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Hosted by Drug Sense

Wisconsin once led the nation in hemp production

Source: The Scene
Pubdate: October 2007

Author: Jim Lundstrom
Note: This Month's issue is about marijuana. The cover illustration is a small pot plant and the text, "IS MY MEDICINE LEGAL YET?"


Need proof that marijuana has been demonized by your government?

Consider hemp. Hemp is not marijuana. Hemp is a non-psychoactive plant that grows best in temperate climates like ours. It is a variety of the tropical cannabis sativa, or marijuana. Trying to get high on hemp is like trying to get drunk on NA beer.

Your federal government makes us all look like dopes by being unable and unwilling to separate industrial hemp from marijuana.

Forget that hemp was legal tender in the American colonies and beyond, that the first American flags were made of hemp, that both Washington and Jefferson raised hemp, that Ben Franklin printed publications on hemp paper, that American ships were caulked and rigged with hemp, and that hemp played an important role in both World Wars.

Forget that Wisconsin was the No. 1 industrial hemp producer in the country during the first half of the 20th century.

Forget all of that, because your government says growing hemp in this country is illegal.

“You are sitting right in the Wisconsin Hemp zone,” said Dave “Dr. Hemp” West of Prescott, Wis. “You don’t have to go very far to be right in the heart of it. Just go down to Ripon, Brandon, Markesan. That was the traditional area of the Wisconsin hemp industry.”

The Rens Hemp Farm just outside of Brandon (north of Waupun) was the last hemp producer in the country, and it closed its doors in 1958.

But hemp production thrives around the world. In 1998 Canada reversed a 60-year ban on industrial hemp and since has taken a lead on making the most of this versatile crop. Manitoba’s web site says “There are an estimated 25,000 different hemp-related products and uses that could potentially be made available in categorical areas such as paper, cosmetics, clothing, carpeting, automotive and construction uses, agriculture, recycling and food/nutrition.”

West said the Canadian hemp industry is more focused on the seed than the fiber. “Fiber is kind of like yesterday’s product,” he said. “The new product coming from hemp is coming from seed. The seed is where it’s at. Certainly the Canadian industry is benefiting mostly by the seed. The biggest products in Canada are in the nutritional area. You’ve got energy bars that are being made with hemp. You’ve got the virgin oil pressed, good for a lot of things with its omega-3s. It’s like fish oil, gives you the same stuff. It’s got a lot going for it in the nutritional area.”

Yet your government says it is too closely related to marijuana.

“These are not the same thing. They are completely different varieties, and you can’t get high from smoking hemp,” West said.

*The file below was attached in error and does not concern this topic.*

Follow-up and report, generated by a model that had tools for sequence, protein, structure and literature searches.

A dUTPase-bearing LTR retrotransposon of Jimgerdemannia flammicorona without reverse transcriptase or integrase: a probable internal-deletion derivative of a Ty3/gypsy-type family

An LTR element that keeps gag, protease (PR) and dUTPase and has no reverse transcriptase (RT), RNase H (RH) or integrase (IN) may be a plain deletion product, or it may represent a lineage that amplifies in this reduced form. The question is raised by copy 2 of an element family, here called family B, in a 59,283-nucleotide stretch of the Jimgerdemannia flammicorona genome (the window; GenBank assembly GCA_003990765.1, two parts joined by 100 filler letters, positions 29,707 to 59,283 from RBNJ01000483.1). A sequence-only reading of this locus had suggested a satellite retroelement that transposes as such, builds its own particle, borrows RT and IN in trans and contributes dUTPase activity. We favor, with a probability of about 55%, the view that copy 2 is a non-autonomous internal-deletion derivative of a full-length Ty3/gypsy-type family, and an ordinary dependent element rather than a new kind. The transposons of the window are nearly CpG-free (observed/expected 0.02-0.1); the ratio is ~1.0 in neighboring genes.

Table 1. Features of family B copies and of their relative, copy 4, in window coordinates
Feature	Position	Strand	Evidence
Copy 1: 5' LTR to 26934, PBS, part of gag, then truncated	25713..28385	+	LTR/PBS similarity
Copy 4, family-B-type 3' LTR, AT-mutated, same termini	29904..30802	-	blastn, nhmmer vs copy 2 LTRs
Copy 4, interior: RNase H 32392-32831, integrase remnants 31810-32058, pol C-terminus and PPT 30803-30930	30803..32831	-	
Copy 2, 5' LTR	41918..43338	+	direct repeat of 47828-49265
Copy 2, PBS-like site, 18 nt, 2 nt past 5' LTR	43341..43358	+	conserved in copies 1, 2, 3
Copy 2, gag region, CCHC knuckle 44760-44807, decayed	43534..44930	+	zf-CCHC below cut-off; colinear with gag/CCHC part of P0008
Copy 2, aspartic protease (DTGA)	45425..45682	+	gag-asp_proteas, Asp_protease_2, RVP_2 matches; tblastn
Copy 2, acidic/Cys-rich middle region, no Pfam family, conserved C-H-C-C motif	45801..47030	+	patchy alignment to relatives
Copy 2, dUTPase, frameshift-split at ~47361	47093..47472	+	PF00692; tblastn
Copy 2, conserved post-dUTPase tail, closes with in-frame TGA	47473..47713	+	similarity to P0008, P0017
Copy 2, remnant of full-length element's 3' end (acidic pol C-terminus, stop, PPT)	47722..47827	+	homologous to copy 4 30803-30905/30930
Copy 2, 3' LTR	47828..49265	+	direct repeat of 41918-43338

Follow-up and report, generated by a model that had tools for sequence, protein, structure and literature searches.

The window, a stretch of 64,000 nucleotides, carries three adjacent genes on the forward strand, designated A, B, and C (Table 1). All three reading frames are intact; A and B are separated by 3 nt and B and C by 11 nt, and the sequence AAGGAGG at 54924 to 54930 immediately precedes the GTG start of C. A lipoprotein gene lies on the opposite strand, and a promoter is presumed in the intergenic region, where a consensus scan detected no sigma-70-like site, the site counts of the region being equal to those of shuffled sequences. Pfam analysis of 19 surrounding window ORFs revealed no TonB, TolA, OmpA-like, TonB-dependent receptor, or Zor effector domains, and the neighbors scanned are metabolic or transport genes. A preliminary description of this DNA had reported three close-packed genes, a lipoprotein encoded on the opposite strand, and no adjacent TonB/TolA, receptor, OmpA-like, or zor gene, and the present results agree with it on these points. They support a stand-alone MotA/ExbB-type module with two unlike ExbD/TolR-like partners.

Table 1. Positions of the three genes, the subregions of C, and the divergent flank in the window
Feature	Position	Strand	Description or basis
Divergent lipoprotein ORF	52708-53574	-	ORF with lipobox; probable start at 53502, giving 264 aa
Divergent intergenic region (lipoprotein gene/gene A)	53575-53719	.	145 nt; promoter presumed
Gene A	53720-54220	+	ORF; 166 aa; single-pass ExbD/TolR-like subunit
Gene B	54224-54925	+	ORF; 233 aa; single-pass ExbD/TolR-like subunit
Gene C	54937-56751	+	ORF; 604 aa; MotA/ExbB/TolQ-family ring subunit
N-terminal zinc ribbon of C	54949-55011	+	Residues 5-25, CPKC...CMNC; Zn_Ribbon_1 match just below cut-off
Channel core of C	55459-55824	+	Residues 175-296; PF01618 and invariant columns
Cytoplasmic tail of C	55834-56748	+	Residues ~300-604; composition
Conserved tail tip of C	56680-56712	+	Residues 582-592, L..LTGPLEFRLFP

It is only your government that insists on confusing the two, or, as West refers to it, “conflating” the varieties.

West illustrates the conflation of hemp and marijuana in his report “Fiber Wars” (you can find it at, which he wrote after seeing the general disconnect in distinguishing hemp from marijuana.

He begins “Fiber Wars” with a story about a farmer in our area who lost a pregnant cow due to overzealous “marijuana” eradication efforts.

The scene is a dairy farm in east-central Wisconsin, August 21, 1993. On its fifth pass over the farm, the helicopter comes in low and hovers. The farmer’s terrified, triple-A, artificially-inseminated cow tries to leap the fence, breaks her leg and in three days is dead, calf lost. The newspaper report explains that “Local authorities have been using the National Guard helicopters in the area to search for wild marijuana patches.” According to their press release, the Wisconsin Department of Narcotic Enforcement’s Project CEASE removed 9.3 million hemp plants in 1993 in Wisconsin. “Hemp,” they explain, “is the plant from which marijuana is extracted.” – “Fiber Wars” by Dr. David West.

“I thought, this is ridiculous and it needs to be explained,” said West. “That’s what gave rise to the ‘Fiber Wars’ piece. In that, I made the declaration that hemp is not marijuana. That was the first time anybody had come out with a bold statement to that effect, where we weren’t conflating the two terms. Basically, the DEA and the drug war side had controlled the argument up to that point.”

Through 1992 West worked with an agri-genetic company as a corn breeder. That year the company was bought and West decided to turn his attentions elsewhere. “What does a guy with a plant breeding shingle do if he’s not inside a corporation?” West said. “I started looking into biomass energy. I should have stayed with biomass. It’s now become the hot topic.”

While looking into biomass, West attended the annual alternative energy fair in Amherst, where he met his first hemp proponents.